Unspottable is another entry into the bulging Xbox couch multiplayer genre. Coming from GrosChevaux, Unspottable charges you and up to three friends to be the last person standing in the variety of different arenas. So, is this better than Cake Bash, the current darling of Xbox social evenings, or should it have stayed in the stable?
The first thing you have to consider is the story of Unspottable. Well, actually, that’s a lie, as apart from a short trailer there doesn’t appear to be much of a story at all in this game. You don’t really need a story though, for all you need to worry about is that there are whole host of robots because, well, reasons, and they also all look alike.
Now, the kicker is that no matter which character you choose in the main menu, you also look identical to the robots, and so do the other human players. As you can imagine, when a round starts trying to find out which one of the many identical character models responds to your controller inputs, without also making it obvious to the other contestants who you are, is the real trick to this game. For instance, the easy way to find yourself is to run in circles – something the AI never does – but your opponents also know this and will home in on you like a heat seeking missile.
There are a lot of stages to have a crack at in Unspottable, and there are also a number of ways to win. You can do it the old-fashioned way, by figuring out who is human and punching them very hard, but you’ll need to be sure of your target however, as punching and either hitting a robot – or even worse, punching and missing – leaves you frozen and vulnerable for a short period of time. And that’s just about enough time for your intended target to turn around and punch you, in fact!
Other than the inevitable bout of fisticuffs that most matches seem to devolve into, the stages also come with some extra objectives. These range from collecting ingredients in the supermarket level, and then casually walking out of the door, to talking to four cool kids in the schoolyard level and then sneaking out of the school gate. If you succeed in achieving one of the secondary objectives, then you are awarded two points instead of the usual one point for KO’ing a competitor, so its worth trying to do. Just remember to try and look like you are AI combatant as you go, otherwise you’ll find yourself on the wrong end of a good thumping!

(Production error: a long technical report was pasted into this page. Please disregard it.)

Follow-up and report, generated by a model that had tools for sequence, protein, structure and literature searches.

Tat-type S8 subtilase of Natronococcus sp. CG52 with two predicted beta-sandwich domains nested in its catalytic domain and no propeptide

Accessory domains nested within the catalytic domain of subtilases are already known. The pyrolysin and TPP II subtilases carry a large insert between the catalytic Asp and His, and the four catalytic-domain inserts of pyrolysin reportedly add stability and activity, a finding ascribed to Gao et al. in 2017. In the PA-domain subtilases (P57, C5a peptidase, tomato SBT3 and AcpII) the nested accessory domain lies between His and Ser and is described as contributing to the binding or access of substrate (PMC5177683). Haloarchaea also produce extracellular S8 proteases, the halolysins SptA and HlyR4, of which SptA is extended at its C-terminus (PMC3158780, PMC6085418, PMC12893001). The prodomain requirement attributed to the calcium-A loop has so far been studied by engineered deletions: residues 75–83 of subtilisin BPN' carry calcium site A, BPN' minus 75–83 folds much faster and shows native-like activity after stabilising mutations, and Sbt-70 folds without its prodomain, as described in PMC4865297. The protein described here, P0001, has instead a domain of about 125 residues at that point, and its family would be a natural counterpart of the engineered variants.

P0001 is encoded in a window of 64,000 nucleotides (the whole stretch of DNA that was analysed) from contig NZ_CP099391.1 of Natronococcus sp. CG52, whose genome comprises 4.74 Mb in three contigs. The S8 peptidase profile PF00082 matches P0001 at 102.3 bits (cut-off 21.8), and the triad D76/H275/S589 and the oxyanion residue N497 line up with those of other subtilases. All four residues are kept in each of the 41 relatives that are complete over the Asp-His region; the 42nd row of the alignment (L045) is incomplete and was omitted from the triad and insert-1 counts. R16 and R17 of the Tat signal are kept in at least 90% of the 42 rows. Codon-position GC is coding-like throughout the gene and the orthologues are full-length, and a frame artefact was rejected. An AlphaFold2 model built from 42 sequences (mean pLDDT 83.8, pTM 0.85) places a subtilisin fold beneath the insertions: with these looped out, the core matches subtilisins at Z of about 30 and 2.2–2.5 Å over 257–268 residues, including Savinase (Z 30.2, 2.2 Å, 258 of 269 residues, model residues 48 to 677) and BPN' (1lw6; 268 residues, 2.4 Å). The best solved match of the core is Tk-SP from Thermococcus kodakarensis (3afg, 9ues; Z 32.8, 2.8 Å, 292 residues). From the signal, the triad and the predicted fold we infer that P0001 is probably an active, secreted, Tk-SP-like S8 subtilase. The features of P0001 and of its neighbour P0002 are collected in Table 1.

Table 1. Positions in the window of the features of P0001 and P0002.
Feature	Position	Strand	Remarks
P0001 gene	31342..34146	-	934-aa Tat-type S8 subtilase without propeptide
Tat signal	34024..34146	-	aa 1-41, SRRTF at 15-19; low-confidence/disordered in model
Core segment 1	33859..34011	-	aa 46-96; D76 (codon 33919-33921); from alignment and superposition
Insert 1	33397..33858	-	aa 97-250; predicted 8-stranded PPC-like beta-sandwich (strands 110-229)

Graphically, Unspottable is simple, with many, many identical character models running about hither and yon. The action is viewed from above, and in some levels, without a word of a lie, it’s impossible to find yourself. The worst culprit for this the Factory level, as it seems to be viewed from slightly further away and so it makes spotting not only yourself, but also the other players, a real task. The only way I have ever won a match on this arena was when a giant press squashed a competitor as he was looking for himself. Handily, if you are killed by a bot or by the environment, you do lose a point off your score, so it can be a good way to stretch one’s lead.
Sound-wise there is literally nothing memorable about the game apart from a meaty “Thwack” as you punch something, and with certain levels having sound cues in, like the gymnasium level. The instructor will count down from three, then every bot in the room will punch, so make sure you aren’t near anyone else on the count of three, or it may be you losing a point.
In conclusion then and Unspottable on Xbox does bring some new ideas to the table which work in short blasts, or in longer blasts that are fuelled by social lubricant. But it does get quite old, quite fast. It’s not that it is a bad game; it’s just that the secondary objectives tend to go out of the window once the sleeves are rolled up, and every match fast turns into a slug-fest as you try to punch the right people. It’s not helped by the fact that there is not enough variety in the game modes, especially when you compare it to the genre leaders. With no online play possible either and, most damning of all, absolutely no single player content, in this climate this is a game that will possibly struggle long-term.
There are better party games, and there are worse party games, but with current social restrictions in place as I write this review, a local multiplayer-only game is a hard sell.